The interest of the scientific questions I was addressing with Saccoglossus was a strong motivation to work on this species. However, like for all projects, the people that are involved are critical; and with the Saccoglossus project a large number of great people made the project fun and productive. The genesis of work on this project was the dream of 3 people: Chris Lowe, Marc Kirschner and John Gerhart; and they helped many like me to get involved. Every time I've asked John (everyone's reference) his opinion about a new experiment, he would happily respond "It has never been done. It would be a first! You should try". We had really busy days (and nights!); setting up new experiments while fixing the ones from the previous days, collecting and taking care of the worms... So, imagine spending a full month of intense work with the same people 24/7. It can normally lead to some pretty tense moments and more than a few fights – but not in this case. I have a few tips for those interested in maintaining lab calm in similar circumstances: I would normally make up a coffee pot, pour myself a cup before adding an extra liter of water to fit my colleagues taste; a drawer full of candies including peanut butter cups; a beer at the pub; and a daily break for a swim or a run.

Sorting the worms.

The classical embryology approach

I find eggs and developing embryos beautiful and it is part of the reasons why I became a developmental biologist. Saccoglossus did not disappoint me! Nicely colored and big oocytes (classical embryology might be possible…) that develop within a transparent protective vitelline membrane and make up a tiny worm in a matter of 3-4 days. With the very first fertilization of my first season in Woods Hole, I made my first blastomere isolation experiment. Thanks to our predecessors in Woods Hole in the 50's-60's we have a comprehensive description of normal development and fate mapping. I simply separated animal cells from vegetal cells. Similar to what happens in sea urchin, the vegetal part developed into a rather normal embryo while the animal part formed a ball covered with very long cilia, typical of the anterior sensory apical tuft. In this way, I had a research subject: understand what happens, how the antero-posterior axis is established. Is it like a sea urchin or like a vertebrate? After the first season, I brought back my samples in my lab in Marseille and performed (lots of!) in situ hybridization. After the first results, I wanted to know more. I went back to the Woods Hole for the next season, then I did it again, 5 seasons.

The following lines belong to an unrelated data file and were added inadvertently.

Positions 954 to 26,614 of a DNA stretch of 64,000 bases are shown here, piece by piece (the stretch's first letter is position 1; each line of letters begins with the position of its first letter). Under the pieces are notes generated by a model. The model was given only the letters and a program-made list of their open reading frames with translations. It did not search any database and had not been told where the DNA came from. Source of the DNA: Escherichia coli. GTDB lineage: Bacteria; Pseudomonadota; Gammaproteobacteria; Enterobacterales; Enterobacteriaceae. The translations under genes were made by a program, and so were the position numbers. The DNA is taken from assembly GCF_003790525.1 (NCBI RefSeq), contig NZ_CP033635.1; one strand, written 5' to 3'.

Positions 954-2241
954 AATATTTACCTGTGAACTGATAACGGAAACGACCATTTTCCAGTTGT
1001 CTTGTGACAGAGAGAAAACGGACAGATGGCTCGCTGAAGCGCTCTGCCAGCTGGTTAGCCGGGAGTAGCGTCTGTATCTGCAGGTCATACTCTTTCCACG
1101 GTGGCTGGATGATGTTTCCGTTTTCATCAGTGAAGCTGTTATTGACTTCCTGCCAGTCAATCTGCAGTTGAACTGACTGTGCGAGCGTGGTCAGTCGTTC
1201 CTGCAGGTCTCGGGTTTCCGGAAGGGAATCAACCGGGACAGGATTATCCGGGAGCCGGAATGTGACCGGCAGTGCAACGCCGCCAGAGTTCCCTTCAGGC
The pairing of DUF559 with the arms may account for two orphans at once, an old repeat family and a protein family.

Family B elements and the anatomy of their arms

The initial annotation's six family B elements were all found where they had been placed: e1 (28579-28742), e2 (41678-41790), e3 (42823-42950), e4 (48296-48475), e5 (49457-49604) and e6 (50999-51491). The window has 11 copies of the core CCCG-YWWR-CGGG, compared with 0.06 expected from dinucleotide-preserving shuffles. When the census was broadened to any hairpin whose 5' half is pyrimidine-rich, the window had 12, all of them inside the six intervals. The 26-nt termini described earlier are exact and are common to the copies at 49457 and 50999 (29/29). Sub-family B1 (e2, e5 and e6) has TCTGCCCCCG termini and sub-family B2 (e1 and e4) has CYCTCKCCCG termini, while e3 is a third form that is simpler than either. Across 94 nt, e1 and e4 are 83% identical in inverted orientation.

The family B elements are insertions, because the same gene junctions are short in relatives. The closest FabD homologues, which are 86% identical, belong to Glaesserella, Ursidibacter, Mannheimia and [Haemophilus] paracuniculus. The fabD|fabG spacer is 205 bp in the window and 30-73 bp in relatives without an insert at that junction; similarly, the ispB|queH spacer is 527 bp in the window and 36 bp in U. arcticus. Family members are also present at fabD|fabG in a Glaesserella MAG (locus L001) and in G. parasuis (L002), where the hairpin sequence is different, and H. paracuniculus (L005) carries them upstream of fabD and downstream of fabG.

Setting up an axis

A collective effort (setting up protocols, making original observations, performing in situs, injections…) allowed us to understand the key steps that Saccoglossus follows to set up its axis. We were quite lucky because it turned out that these steps can be temporally and experimentally uncoupled. The first step is the definition of the vegetal cells as mesendoderm by nuclear β-catenin. Then, this newly defined mesendoderm patterns the rest of the embryo, the ectoderm, by inducing a posterior identity. This part of the work has been published a while back in Development. An obvious candidate for this posteriorizing signal was Wnt signaling since a large comparative corpus has led to the idea that this pathway defines the posterior of animals. By performing in-depth description of Wnt signaling deployment and function during embryogenesis, we have shown that – in a manner very similar to vertebrate neural tissue formation – Wnt signaling levels specify various part of the A/P axis, with anterior fates defined by low levels and more posterior fates by higher levels. However, the most posterior part is not defined by Wnt; hence Wnt is not the signal sent by the endomesoderm. This was very puzzling for us, but this finding is actually in agreement with data from vertebrates. We thus propose that, at least at the base of the deuterostomes (the group that include vertebrates and hemichordates), the posterior is defined independently of Wnt.

Sébastien Darras

Researcher, CNRS